Dream Jobs: Rangers of New Zealand’s Department of Conservation

Published on : Thursday, August 3, 2017

6bee5547-0882-4402-9b68-d4fb8252f917-2015713100626Working in some of New Zealand’s most enchanting and dramatic landscapes, rangers with the Department of Conservation are truly living the dream.

 

To celebrate World Ranger Day (31 July) let’s meet five of New Zealand’s conservation rangers. To those passionate about nature and the great outdoors, their jobs look like a wonderful adventure. Yes, there’s a lot of hard work to be done, but the rewards are many and varied.

 

From Scotland to Motueka: James Livingstone, Senior Ranger

 

Growing up on the eastern edge of Scotland’s Glasgow, James Livingstone realised early on he had two choices in life. “It was either, go west to the city and experience the rough and tumble or go east to the fields and forests for more wholesome activities. In the end, I enjoyed the best of both.”

 

In the end, living and working close to nature won out. “In mid-70s Britain, the Forestry Commission presented by far the best opportunity to achieve that, and so I was the token Scotsman on the 1985 intake to England’s National School of Forestry,” he recalls.

 

He worked in Grizedale Forest in the Lake District, Wester Ross in north-west Scotland, and the Isle of Skye. On a trip to Australia, he become involved in native forest harvesting in the Otway Ranges in Victoria, a mortal sin he says he’s still repenting. “Fortunately I later found myself living in Zurich where I studied and worked in forestry and landscape architecture. This was a period of cultural enlightenment.”

 

Livingstone came to New Zealand in late 2002, attracted by the “best quality of life on offer anywhere”. And, he says, “almost 15 years ago, I was Johnny on the spot, talking to the right person at the right time to secure a short contract on Mangere Island in the Chatham archipelago a few days after arriving. In the ensuing years, I’ve enjoyed tremendously fulfilling roles in scenic and remote locations, from Mana Island, Pureora Forest, Raoul Island in the Kermadecs, Franz Josef and now Motueka.”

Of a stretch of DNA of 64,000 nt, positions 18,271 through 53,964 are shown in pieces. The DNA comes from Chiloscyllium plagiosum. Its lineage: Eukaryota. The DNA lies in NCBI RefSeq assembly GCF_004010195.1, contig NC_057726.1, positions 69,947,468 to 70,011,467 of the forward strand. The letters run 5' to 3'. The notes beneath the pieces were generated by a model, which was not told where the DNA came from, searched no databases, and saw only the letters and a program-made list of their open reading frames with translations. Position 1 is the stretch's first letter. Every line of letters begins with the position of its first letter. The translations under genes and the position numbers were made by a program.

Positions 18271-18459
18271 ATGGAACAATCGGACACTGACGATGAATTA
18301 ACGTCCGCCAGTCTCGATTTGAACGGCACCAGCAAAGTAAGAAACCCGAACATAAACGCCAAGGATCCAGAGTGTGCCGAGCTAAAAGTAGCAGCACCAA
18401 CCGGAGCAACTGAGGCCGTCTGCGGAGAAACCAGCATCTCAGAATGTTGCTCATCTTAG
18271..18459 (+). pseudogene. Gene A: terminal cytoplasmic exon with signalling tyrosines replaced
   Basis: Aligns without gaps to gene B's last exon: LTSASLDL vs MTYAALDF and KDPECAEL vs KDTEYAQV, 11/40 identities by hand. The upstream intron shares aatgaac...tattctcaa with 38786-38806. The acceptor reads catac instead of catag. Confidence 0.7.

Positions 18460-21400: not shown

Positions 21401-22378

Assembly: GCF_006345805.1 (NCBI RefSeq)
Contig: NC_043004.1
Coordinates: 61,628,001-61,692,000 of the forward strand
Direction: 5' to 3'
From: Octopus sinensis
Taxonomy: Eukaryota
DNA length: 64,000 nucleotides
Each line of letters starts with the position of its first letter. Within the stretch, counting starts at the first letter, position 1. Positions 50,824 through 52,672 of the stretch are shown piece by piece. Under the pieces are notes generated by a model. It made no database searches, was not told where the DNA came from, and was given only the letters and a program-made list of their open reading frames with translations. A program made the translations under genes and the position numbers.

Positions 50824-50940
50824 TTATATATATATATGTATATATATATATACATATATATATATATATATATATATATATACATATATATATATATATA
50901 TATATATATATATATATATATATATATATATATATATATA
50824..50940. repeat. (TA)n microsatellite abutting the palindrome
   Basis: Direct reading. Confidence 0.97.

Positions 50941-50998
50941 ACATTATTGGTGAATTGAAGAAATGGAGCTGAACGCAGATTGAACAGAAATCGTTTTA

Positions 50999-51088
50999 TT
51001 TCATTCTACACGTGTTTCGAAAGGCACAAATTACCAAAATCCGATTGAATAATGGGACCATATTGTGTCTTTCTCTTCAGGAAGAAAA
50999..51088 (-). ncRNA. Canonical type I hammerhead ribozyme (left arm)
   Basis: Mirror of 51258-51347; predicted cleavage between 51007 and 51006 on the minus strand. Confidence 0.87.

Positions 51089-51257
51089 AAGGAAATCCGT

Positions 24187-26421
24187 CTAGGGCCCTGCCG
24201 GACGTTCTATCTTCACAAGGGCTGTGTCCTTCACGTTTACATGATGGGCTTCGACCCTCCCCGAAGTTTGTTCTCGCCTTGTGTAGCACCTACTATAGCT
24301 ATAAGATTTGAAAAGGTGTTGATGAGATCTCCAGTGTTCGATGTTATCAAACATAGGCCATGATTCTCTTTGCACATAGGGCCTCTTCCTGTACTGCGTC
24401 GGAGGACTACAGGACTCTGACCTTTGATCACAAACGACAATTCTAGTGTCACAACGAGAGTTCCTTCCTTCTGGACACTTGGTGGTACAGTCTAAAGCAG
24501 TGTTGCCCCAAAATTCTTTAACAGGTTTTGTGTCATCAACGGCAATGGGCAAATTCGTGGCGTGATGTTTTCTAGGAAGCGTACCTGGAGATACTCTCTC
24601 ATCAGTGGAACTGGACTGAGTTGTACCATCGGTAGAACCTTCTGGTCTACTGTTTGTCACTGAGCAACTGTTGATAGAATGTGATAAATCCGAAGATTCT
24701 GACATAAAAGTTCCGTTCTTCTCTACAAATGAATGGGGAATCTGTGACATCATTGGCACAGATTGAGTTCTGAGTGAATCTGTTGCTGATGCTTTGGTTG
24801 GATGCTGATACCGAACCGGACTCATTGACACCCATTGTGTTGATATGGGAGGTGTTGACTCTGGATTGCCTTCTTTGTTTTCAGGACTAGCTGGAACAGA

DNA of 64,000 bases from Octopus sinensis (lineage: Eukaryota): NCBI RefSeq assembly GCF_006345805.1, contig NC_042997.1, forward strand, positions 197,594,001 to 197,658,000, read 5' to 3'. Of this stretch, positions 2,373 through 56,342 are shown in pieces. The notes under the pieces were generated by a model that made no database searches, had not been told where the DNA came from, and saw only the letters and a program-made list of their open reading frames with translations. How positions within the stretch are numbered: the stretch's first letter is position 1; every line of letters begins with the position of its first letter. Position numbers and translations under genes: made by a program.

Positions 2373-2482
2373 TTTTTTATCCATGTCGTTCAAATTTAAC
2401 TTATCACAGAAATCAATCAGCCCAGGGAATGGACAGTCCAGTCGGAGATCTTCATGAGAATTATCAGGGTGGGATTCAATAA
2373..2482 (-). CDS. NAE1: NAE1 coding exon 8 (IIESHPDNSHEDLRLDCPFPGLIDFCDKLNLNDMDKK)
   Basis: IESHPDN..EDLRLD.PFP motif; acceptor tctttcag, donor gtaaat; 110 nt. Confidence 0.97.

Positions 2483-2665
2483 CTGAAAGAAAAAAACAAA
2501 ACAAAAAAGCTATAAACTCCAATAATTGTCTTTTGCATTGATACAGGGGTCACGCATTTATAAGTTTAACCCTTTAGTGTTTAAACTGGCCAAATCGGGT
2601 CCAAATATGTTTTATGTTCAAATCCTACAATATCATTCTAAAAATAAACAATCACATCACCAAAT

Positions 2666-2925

Primarily involved in protecting and recovering endangered native ecosystems and bird species, Livingstone contributes to animal ethics and kiwi recovery. “I’m proud to be part of a committed team improving biodiversity in Abel Tasman National Park, working with great people to achieve magnificent things in the best places.”

 

Travel Tips

 

Named after the flightless native weka bird, Motueka is a coastal town on the western edge of Tasman Bay. With a yearly average of 2400 hours of sunshine (one of the highest in New Zealand), the region is a veritable fruit bowl. Swim in the saltwater baths on the foreshore, cycle Tasman’s Great Taste Trail, or kayak in the legendary Abel Tasman National Park.

 

From Germany to Takaka: Hans Stoffregen, Senior Ranger

 

Born and bred near Hamburg in northern Germany, Hans Stoffregen has been a fan of the great outdoors for as long as he can remember.  “Very early on, I was a nature-focused boy and, as I grew up, I also wanted to go travelling, so when I was 22 I bought a motorcycle and went travelling through Asia, Australia and New Zealand.”

 

A shipbuilder by trade, Stoffregen worked in shipyards in Germany and Perth, in the mines in Australia and as a boilermaker in Wellington. “But I didn’t want to stay in that industry so in 1990 I enrolled at [Wellington’s] Victoria University and did a Masters in Conservation Studies, and part of it included a placement with the DoC [Department of Conservation].”

 

That placement turned into a full-time job, and today Stoffregen is a senior manager for biodiversity, based in Takaka in the north of the South Island.

 

“I love the diversity of the work,” he says. “Every day is something different. You never know what’s going to come at you. We’re always improvising, make things up as we go along. There is no recipe.”

 

He’s lucky enough to work in a field where he can make a difference.  “Ten or 20 years ago I planted trees, now they’re a forest. And we’re lucky in Golden Bay; we have some awesome programmes coming up. We’re engaged in all sorts of projects to control major pests and bring missing bits of flora and fauna back into the park. We’re even looking at bringing the endangered takahe into the area.”

 

 

Source:- Tourism New Zealand

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